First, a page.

Around the time they were joining FiveThirtyEight, two of my new co-workers got engaged (not to each other), and one co-worker got married. It got me thinking: Which lasts longer, the average American business or the average American marriage?
I took two datasets — one from the Bureau of Labor Statistics that tracked businesses from 1994 to 2010, and the other from the Department of Health and Human Services that tracked marriages from 1995 to 2010.
Sometimes, it’s good to not have any conscious assumptions about what the research will say (if you think you know, make a note of your assumption so you don’t revise it at the end of the article). In this case, I had no idea whether businesses had higher survival rates than marriages.
The five-year verdict: 54.7 percent of businesses formed in 1995 were operating five years later, compared with 80 percent of marriages formed the same year. As far as these statistics go, the 20 percent of marriages that didn’t survive were “dissolved by divorce, separation, or rarely, by death.”
The 10-year verdict: By 2005, 36 percent of businesses were still kicking; 67 percent of marriages had held.
So, it looks like marriage wins. The full data shows that marriage survivability changes with age (older couples stay married longer), the presence of children (you have a better chance of staying married if you wed before having a baby) and educational level (87 percent of men with a bachelor’s degree are still in a marriage five years later, but only 79 percent of those without a high school diploma can say the same).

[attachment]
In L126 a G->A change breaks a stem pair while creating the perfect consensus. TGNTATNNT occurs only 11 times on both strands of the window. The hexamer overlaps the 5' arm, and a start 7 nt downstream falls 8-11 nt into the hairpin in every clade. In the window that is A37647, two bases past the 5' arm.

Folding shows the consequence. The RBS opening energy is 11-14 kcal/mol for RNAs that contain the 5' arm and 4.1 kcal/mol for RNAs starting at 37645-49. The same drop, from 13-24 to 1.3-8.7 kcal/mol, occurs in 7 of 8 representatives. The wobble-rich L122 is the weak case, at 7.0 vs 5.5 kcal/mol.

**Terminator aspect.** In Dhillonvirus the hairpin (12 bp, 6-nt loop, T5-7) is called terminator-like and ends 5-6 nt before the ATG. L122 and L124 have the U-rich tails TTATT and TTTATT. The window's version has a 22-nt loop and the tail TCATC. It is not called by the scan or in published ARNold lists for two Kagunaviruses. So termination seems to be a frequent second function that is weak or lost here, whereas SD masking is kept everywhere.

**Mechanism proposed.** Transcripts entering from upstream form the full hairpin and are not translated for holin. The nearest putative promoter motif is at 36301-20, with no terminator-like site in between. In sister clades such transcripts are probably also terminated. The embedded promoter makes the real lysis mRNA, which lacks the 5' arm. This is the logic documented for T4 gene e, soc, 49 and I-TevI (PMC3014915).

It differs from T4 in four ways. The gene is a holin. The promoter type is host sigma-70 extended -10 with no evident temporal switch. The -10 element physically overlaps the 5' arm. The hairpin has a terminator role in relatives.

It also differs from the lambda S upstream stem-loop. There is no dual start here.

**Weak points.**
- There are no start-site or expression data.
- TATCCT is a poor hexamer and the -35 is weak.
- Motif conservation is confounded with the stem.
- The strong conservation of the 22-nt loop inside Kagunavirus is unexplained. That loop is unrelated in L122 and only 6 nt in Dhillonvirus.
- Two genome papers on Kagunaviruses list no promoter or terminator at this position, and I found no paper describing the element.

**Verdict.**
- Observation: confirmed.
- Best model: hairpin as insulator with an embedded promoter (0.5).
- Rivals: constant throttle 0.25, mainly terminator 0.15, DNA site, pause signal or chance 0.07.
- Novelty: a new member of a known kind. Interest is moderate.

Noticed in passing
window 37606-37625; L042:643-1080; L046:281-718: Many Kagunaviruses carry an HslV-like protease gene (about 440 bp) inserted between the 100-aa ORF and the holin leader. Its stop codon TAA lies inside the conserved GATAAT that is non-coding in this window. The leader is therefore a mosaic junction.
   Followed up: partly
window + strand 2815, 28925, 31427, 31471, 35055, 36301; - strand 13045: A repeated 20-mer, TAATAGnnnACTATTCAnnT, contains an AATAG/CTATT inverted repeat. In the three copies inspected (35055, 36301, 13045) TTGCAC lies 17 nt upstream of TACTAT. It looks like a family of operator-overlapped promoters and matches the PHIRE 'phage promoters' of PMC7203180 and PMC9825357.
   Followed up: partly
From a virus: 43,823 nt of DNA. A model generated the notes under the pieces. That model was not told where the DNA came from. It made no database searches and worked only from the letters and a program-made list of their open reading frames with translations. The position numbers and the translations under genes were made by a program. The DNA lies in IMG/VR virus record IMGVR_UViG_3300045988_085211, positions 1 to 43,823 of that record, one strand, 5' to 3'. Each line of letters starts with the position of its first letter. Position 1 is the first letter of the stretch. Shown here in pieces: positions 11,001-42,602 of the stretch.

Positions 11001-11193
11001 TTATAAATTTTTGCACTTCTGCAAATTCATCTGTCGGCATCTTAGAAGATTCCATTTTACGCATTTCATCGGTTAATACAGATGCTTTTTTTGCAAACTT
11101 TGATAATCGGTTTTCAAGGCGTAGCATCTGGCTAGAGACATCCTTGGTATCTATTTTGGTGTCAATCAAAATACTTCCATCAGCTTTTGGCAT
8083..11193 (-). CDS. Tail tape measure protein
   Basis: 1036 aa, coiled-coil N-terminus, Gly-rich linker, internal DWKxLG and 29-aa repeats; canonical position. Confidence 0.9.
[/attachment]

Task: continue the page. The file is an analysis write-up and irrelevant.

I also wondered whether we could add some nuance to the business data. We can. The Bureau of Labour Statistics breaks down business longevity by sector and state. So, do some businesses last longer than American marriages? (Note: The business-survival data is for “establishments” — a single physical location — not for parent businesses. So, if your local Wal-Mart opened in 2005, it would show up as a nine-year-old establishment even though it’s part of a 52-year-old corporation.)
From retail to gas extraction, none of the 19 sectors we looked at had an average life span longer than the average marriage. Management companies have the best survival rates, with 66 percent of companies formed in 1995 making it to the five-year mark (compared with 80 percent of marriages). Even locality didn’t make a big difference; no state had business-survival rates that came close to surpassing national ones for marriage.
But it might interest you to know that one in three U.S. businesses outlive the average Latvian marriage. Latvia has one of the highest divorce rates in the world, and the average marriage formed there in 1995 had resulted in divorce 10.2 years later. Since then, marriage’s durability in the Baltic state has improved slightly. By 2012, married couples had been staying together for 14.3 years before divorcing.
Did the numbers match your expectations? Let us know in the comments below.